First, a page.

“I want there to be Angkor Sankranta [again], because there were many customers,” she said. “After COVID, myself and others faced the economic downturn, so people just come to visit but do not want to spend money.”

Lek Vorn, the village chief of Preah Dak, said he hoped the village would be frequented by a lot of tourists visiting the culturally significant area this year. As some residents near the Angkor temple complex have been forced to move to the relocation site in Run Ta Ek, he said there are less food vendors for tourists now. But sellers need to be more savvy about what tourists actually want to buy, he said.

“They do not know how to attract customers. What they are selling is not attractive [to tourists],” he said.

Clothing and souvenir stalls in Chas Market in Siem Reap on April 1, 2024. (CamboJA/ Seoung Nimol) 

Chhay Sivlin, president of the Cambodian Association of Travel Agents, said there is some truth to Vorn’s observation. She has started to see more American and European tourists visiting the area, customers who have higher spending power and expensive taste.

“Siem Reap in recent times is the market of American and European tourists. All of them are high-end consumers, so they need high-end services, accommodations, and good locations,” she said. “That’s outside of our normal market. When they are high-end tourists, they do not enter our local markets.”

Tourists started to return in 2021, she said, but the sector has not bounced back to pre-pandemic levels. She added that because of the recent economic downturn, most Cambodian tourists are spending less even when they do visit the area. If the situation doesn’t improve soon, she is concerned that many business owners will start leaving the tourism sector and may never return.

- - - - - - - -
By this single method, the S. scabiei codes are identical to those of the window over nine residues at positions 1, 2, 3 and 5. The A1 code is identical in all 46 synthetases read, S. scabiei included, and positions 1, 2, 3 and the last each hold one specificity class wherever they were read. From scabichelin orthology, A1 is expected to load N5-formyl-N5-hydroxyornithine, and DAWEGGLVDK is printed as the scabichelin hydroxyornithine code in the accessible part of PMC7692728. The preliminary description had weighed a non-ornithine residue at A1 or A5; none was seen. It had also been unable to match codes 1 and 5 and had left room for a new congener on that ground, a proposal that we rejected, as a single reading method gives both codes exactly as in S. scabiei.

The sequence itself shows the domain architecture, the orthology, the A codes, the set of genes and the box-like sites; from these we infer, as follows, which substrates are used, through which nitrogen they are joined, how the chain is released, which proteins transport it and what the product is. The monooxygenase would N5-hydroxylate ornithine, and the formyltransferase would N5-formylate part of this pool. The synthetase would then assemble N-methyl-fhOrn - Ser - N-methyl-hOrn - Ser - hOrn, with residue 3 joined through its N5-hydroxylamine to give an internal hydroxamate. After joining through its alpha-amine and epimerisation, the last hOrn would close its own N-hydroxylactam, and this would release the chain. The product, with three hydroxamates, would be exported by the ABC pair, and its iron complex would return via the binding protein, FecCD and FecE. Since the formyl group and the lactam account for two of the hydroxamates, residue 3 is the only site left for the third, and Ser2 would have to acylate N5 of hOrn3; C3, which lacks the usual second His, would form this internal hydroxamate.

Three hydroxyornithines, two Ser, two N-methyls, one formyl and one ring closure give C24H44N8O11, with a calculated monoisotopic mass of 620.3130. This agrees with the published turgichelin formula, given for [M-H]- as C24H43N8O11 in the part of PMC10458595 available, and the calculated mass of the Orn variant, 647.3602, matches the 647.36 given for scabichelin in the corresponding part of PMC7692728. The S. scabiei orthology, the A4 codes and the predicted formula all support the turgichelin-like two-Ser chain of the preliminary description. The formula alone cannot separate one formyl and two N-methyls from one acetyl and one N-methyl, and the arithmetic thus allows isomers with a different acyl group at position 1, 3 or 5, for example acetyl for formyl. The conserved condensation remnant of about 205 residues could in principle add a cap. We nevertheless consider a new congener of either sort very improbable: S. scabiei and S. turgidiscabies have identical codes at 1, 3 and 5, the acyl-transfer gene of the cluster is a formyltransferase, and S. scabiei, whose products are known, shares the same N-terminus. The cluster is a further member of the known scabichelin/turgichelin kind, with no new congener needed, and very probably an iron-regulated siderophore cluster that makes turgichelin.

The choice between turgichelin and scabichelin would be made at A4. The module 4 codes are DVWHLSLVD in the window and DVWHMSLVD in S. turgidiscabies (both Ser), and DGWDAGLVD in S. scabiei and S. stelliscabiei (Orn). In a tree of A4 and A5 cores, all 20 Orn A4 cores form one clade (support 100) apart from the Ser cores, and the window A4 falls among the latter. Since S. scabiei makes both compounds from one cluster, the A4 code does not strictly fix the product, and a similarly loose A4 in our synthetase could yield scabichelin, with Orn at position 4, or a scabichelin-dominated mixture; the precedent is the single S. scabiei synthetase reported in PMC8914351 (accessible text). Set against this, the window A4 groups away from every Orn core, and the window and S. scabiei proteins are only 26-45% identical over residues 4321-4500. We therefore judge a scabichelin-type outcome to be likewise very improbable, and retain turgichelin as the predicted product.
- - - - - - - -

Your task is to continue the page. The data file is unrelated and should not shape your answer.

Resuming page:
She thinks services and entertainment for tourists is an area that should be strengthened to attract more visitors to Siem Reap. 

“In tourism we need a lot of different services for after visitors go to the temple, so aside from the existing cultural products [for sale], we need to have services to entertain tourists,” she said. “We only have one Angkor Wat, so tourists come, only take pictures and then go back.”

The government should also create a program that encourages tourists visiting neighboring countries to continue their travels in Cambodia, she said. In November, the government partnered with SME bank to offer a total of $50 million in loans to Siem Reap tourism businesses, with individual businesses able to take out $20,000 to $600,000 in financing.

But Hong Vannak, an economist at the Royal Academy of Cambodia, warned against Siem Reap businesses taking out these loans when tourism is still down. 

“I think all sellers should not be in a hurry [to take out loans], because the current tourism situation is not the same as the tourism situation in 2018 or before COVID,” he said. “The important thing is to depend on the customers. The spending of the customers themselves is still limited, so if we increase the supply, it will lead to a crisis.”

In front of Angkor Wat earlier this month, a clothing vendor said she is only able to make about $10 a day, with very few people buying goods on the weekends. 

“For this Khmer New Year, I have no hope.”

Clothing stalls at Chas Market in Siem Reap on April 1, 2024. (CamboJA/ Seoung Nimol)